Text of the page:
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Jean-Claude Trichet, the president of the European Central Bank, is sounding hawkish about inflation again, indicating in interviews that the bank will raise interest rates if officials see the need, even as countries struggle to recover from debt crises.
My former professor at the Massachusetts Institute of Technology, Charles Kindleberger, once wrote that from the existence of multiple financial measurements arose one great virtue: observers, by picking and choosing, could always be optimistic or pessimistic, depending on their temperament.
The same thing is happening now with inflation measures. In particular, by switching back and forth between core inflation (which excludes things that are subject to volatile price fluctuations, like energy) and headline inflation (which doesn’t exclude anything) you can always find reasons to fear inflation, no matter where you look.
Which brings me to Mr. Trichet’s latest warnings about inflation. According to Eurostat data, in the last five years, inflation in the euro zone has behaved a lot like inflation in the United States: Low and falling core inflation in the face of a depressed economy, with big swings in headline inflation when commodity prices fluctuate. But Mr. Trichet says that the headline number is the one to watch. “In the U.S., the Fed considers that core inflation is a good predictor for future headline inflation,” he told The Wall Street Journal on Jan. 24. But “core inflation is not necessarily a good predictor” in the euro zone, he said.
Of course, those of us whose memories stretch back more than a few months can only say: hmmmm.
First of all, if headline inflation is the one to watch, why wasn’t the E.C.B. all worked up about below-target headline inflation in 2009? I don’t recall a lot of speeches about the need for monetary loosening then. Why, it’s almost as if the E.C.B. switches between inflation measures to pick whichever one currently makes the case for tighter policy.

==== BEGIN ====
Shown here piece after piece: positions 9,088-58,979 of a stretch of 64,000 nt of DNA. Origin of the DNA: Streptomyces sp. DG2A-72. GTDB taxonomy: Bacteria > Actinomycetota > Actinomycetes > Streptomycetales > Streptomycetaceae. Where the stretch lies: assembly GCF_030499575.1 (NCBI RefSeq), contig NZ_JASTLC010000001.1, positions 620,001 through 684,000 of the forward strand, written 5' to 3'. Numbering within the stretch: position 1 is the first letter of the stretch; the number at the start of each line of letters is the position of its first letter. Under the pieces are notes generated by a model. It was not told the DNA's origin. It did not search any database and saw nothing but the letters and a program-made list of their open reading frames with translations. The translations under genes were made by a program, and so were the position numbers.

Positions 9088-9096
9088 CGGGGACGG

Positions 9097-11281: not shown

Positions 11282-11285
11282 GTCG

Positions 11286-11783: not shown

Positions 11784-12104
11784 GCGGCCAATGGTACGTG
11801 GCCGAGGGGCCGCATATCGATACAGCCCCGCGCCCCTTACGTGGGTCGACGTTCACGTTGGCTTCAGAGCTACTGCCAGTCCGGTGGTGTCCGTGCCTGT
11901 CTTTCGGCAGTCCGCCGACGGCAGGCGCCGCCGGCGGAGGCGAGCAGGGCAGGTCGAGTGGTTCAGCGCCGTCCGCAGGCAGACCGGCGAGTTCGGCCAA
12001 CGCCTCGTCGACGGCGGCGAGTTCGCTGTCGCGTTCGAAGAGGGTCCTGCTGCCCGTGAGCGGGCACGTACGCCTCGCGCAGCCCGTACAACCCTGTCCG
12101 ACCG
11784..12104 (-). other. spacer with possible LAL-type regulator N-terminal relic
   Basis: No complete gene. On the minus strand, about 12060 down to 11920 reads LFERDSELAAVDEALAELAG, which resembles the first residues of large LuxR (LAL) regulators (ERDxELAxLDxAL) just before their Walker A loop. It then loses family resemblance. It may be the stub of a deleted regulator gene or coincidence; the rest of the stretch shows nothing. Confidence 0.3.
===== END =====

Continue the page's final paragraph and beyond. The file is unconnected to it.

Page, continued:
Second, the E.C.B. relied on their current argument back in 2008, and raised interest rates even as the world was sliding into financial crisis. One might have expected Mr. Trichet to be a bit humbled by that experience. But I guess not.
What’s really going on is that the bank is catering to Germany’s desire for low inflation, making the problems of peripheral economies much less tractable.
The E.C.B. is clearly gearing up to do the wrong thing as soon as possible, and this is going to be ugly.
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Paul Krugman joined The New York Times in 1999 as a columnist on the Op-Ed page and continues as a professor of economics and international affairs at Princeton University. He was awarded the Nobel in economic science in 2008.
Mr Krugman is the author or editor of 20 books and more than 200 papers in professional journals and edited volumes, including "The Return of Depression Economics" (2008) and "The Conscience of a Liberal" (2007).
Copyright 2010 The New York Times.